When the government announced a lockdown at the height of the second wave in the summer of 2021, our plans to visit eastern Nepal were put on hold indefinitely. Wildlife surveys must be conducted at a specific time of the year. The monsoon is the worst time in the field, whereas during the breeding season researchers can cause undue disturbances to endangered species.
So we were able to resume our plans to monitor small cats in the remote villages of Jhapa and Ilam districts only in October of 2021. Nonetheless, I was excited to be back in the field, and there was a possibility of new discoveries but also of disappointment. I was prepared for both.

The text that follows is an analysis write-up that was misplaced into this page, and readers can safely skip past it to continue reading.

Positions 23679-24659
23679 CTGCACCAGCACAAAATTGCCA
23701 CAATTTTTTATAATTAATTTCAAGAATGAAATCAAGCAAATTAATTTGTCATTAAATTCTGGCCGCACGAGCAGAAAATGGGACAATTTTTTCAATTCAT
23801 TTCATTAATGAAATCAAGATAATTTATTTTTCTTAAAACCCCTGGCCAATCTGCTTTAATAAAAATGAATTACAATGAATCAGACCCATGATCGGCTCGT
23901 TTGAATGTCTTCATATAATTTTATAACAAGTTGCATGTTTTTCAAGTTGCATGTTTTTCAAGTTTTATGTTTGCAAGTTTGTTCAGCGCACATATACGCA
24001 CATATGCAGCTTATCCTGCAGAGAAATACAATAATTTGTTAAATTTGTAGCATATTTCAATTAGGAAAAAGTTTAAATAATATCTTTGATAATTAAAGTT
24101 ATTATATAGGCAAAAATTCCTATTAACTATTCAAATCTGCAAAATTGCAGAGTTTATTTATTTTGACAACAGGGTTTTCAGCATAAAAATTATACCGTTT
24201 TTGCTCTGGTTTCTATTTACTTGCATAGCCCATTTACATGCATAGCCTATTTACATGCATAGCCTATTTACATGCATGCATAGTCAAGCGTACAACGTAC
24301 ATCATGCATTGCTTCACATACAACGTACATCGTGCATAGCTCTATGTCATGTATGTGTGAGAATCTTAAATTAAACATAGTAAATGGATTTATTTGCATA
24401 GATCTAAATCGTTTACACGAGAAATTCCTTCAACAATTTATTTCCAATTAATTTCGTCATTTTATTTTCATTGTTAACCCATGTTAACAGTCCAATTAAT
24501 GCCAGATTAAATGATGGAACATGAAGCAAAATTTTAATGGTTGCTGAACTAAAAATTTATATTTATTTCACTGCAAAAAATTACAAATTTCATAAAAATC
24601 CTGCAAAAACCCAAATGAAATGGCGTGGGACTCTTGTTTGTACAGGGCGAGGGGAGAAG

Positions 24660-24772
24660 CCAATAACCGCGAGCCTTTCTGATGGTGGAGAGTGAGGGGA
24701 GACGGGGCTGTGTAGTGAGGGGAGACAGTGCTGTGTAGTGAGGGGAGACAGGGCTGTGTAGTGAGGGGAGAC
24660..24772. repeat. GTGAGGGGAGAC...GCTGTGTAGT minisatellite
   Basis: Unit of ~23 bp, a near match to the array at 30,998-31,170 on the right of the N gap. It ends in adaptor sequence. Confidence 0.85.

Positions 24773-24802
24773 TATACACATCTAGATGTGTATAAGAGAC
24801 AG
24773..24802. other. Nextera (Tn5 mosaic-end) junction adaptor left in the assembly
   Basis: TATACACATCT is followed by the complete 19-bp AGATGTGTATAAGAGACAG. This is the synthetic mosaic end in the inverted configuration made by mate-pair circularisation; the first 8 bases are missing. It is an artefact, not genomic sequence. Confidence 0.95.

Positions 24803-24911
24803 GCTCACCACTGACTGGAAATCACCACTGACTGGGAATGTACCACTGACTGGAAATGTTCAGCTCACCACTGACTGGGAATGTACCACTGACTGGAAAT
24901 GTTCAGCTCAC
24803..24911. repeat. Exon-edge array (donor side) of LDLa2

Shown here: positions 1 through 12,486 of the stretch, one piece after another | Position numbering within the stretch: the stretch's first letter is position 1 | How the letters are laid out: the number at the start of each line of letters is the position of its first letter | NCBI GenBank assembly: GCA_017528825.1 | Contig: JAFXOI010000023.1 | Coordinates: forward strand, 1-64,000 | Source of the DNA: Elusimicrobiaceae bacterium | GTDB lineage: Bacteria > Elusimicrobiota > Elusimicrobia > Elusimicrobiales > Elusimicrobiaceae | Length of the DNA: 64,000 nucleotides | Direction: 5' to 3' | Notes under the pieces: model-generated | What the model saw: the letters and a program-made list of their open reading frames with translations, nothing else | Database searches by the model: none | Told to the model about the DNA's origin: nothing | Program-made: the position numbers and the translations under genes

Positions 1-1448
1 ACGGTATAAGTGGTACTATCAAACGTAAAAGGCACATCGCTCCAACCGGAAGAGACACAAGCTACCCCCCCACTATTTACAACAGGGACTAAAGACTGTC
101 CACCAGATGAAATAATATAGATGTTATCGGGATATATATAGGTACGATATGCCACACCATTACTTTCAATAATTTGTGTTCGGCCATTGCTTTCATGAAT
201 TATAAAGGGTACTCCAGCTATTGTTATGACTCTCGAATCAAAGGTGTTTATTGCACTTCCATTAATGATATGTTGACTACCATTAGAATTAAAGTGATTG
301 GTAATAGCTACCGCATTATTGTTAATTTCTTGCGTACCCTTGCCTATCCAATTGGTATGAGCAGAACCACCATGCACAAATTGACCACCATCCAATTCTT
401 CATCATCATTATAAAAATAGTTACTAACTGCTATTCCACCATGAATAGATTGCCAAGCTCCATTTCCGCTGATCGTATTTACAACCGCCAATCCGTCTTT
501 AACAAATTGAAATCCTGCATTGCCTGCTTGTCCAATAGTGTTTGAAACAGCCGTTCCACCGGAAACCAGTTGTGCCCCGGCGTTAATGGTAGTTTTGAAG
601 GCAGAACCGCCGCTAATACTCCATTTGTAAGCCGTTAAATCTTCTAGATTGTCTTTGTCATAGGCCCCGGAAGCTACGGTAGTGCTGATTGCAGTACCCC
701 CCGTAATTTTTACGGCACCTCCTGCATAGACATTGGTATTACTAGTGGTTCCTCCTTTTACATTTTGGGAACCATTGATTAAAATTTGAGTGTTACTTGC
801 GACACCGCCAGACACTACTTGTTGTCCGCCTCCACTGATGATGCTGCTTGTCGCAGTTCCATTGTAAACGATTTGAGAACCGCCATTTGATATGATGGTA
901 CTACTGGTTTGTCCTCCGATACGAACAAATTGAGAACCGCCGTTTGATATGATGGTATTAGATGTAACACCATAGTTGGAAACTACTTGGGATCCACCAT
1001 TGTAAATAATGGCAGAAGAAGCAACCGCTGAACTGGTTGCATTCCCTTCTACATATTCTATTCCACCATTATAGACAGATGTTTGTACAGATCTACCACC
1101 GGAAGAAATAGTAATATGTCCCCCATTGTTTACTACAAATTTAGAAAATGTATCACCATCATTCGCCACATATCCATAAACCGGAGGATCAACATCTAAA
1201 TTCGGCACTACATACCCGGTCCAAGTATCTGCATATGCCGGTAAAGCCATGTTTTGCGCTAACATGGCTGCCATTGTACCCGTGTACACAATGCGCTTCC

After flying from Kathmandu to Bhadrapur and an hour-long bus drive later, with team member Amir Basnet we reached Budhabare of Jhapa. This was our second field targeted at finding elusive small cats in Nepal’s Eastern Himalaya.
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The next day, we ventured into the forest with local guide Binod Dahal to install 14 camera traps with their GPS points. Then, as we were traversing a dense sal forest, my eyes caught two graceful figures emitting a unique but harsh crackle from the upper canopy.
This was the largest squirrel in the world, the Black Giant Squirrel (Ratufa bicolor) in its natural habitat. The two squirrels watched us from their perch atop a branch high up in the tree, and we did the same from the ground.
They had a black body and buffy yellow in ventral pelage at the neck region — exactly like a photograph of a Black Giant published by the group Small Mammals Conservation and Research Foundation (SMCRF) in its field guide Squirrels of Nepal (2016).